Supreme Court Rejects Dormant Commerce Clause Challenge To California Law Restricting Sale Of Pork Based On Conditions In Which Pigs Are Raised

May 11, 2023

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Decided May 11, 2023

National Pork Producers Council v. Ross, No. 21-468

Today, the Supreme Court held in a fractured decision that California’s ban on the sale of pork that comes from pigs that were raised in a “cruel manner,” regardless of where the pigs are raised, does not violate the dormant Commerce Clause.

Background: In 2018, California voters approved Proposition 12, which prohibits selling pork in California if the pigs were housed in a “manner that prevents the animal from lying down, standing up, fully extending [its] limbs, or turning around freely.”

The National Pork Producers Council and the American Farm Bureau Federation sued, alleging that Proposition 12 violates the dormant Commerce Clause, which they argued bars state legislation that (i) discriminates against out-of-state interests, (ii) has impermissible extraterritorial effects, or (iii) imposes a clearly excessive burden on interstate commerce when compared to the putative local benefits. The plaintiffs did not argue that Proposition 12 discriminated against out-of-state interests.  Instead, they relied exclusively on its extraterritorial effects and its burden on interstate commerce.

The district court dismissed the complaint and the Ninth Circuit affirmed. The Ninth Circuit held a state law has impermissible extraterritorial effects only if it “dictate[s] the price of a product” or “tie[s] the price of in-state products to out-of-state prices”—which Proposition 12 did not do. Acknowledging that the Supreme Court has “not provided a clear methodology for comparing in-state benefits and out-of-state burdens” to assess a law’s burden on interstate commerce, the Ninth Circuit nevertheless held that Proposition 12’s alleged increase in costs to businesses and consumers was not a constitutionally significant burden on interstate commerce.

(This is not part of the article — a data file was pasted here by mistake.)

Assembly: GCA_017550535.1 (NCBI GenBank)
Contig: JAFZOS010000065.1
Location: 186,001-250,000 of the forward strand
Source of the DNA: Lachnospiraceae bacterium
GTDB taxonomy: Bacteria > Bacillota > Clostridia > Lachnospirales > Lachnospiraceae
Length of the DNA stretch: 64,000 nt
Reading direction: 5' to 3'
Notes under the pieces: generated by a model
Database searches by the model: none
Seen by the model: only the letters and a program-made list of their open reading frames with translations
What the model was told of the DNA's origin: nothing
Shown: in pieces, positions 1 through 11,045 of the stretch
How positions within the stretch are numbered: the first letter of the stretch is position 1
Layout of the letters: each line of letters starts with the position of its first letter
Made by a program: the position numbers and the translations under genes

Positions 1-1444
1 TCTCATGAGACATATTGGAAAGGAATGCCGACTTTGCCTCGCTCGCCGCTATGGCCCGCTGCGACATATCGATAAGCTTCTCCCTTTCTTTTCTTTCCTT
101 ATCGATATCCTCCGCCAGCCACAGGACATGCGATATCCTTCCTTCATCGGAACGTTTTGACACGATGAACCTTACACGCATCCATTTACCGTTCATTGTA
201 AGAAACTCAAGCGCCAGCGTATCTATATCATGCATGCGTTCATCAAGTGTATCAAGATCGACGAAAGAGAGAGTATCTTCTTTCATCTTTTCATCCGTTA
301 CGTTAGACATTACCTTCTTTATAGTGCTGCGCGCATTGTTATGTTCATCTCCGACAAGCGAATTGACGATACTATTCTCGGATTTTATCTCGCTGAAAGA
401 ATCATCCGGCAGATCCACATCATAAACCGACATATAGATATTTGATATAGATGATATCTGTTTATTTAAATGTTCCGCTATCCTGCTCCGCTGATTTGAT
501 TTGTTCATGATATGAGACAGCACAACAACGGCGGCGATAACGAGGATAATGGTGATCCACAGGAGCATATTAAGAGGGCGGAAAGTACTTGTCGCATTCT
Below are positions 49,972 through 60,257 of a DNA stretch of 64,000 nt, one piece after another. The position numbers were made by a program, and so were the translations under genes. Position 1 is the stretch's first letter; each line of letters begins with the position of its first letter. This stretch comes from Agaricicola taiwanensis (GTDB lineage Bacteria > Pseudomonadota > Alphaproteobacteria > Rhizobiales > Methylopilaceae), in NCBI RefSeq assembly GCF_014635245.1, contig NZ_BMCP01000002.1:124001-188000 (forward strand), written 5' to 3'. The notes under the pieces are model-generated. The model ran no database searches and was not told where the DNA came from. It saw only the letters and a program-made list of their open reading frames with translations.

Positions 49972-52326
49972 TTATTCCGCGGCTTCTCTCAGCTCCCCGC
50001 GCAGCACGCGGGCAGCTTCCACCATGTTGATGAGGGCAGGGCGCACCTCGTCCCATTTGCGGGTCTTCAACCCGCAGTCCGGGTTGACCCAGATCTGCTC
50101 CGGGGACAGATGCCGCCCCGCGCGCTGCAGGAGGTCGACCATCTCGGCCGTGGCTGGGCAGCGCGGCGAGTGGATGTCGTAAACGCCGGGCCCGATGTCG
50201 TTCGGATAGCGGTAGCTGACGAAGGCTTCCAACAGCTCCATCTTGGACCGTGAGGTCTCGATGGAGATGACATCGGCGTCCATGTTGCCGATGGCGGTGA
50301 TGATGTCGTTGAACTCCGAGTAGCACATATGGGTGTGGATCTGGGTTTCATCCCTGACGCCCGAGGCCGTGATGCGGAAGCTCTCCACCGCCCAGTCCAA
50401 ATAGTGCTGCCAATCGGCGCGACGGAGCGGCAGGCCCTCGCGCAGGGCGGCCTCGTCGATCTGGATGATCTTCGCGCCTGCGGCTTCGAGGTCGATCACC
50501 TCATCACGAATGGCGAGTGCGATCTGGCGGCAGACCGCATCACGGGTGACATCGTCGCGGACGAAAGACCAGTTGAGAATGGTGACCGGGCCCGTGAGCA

Issue: Whether plaintiffs stated a plausible claim that Proposition 12 violates the dormant Commerce Clause because it has impermissible extraterritorial effects or places an undue burden on interstate commerce.

Court’s Holding:

No.  The Court’s core dormant Commerce Clause precedents focus on state laws that discriminate against out-of-state commerce, which a law banning the sale in California of pork that was raised in a “cruel manner” does not do, and the plaintiffs failed to allege a plausible claim under Pike v. Bruce Church, Inc., 397 U.S. 137 (1970).

“While the Constitution addresses many weighty issues, the type of pork chops California merchants may sell is not on that list.”

Justice Gorsuch, writing for the Court

What It Means:

  • The Court’s majority opinion underscores that the focus of the dormant Commerce Clause is on those state laws that discriminate against out-of-state commerce.
  • The Court’s decision was highly fractured, as parts of Justice Gorsuch’s opinion discussing Pike were joined only by a plurality of the Court, and multiple justices wrote separate opinions.  Justice Kavanaugh’s opinion attempts to outline the controlling rule, and suggests “that properly pled dormant Commerce Clause challenges under Pike to laws like California’s Proposition 12 (or even to Proposition 12 itself) could succeed in the future—or at least survive past the motion-to-dismiss stage.”
  • The Court intimated that several other constitutional provisions may provide a stronger basis for challenging state laws that affect out-of-state commerce, including the Full Faith and Credit Clause, the Import-Export Clause, the Privileges and Immunities Clause, and the “principle inher[ing] in the very structure of the Constitution, which ‘was framed upon the theory that the peoples of the several states must sink or swim together.’”

The Court’s opinion is available here.

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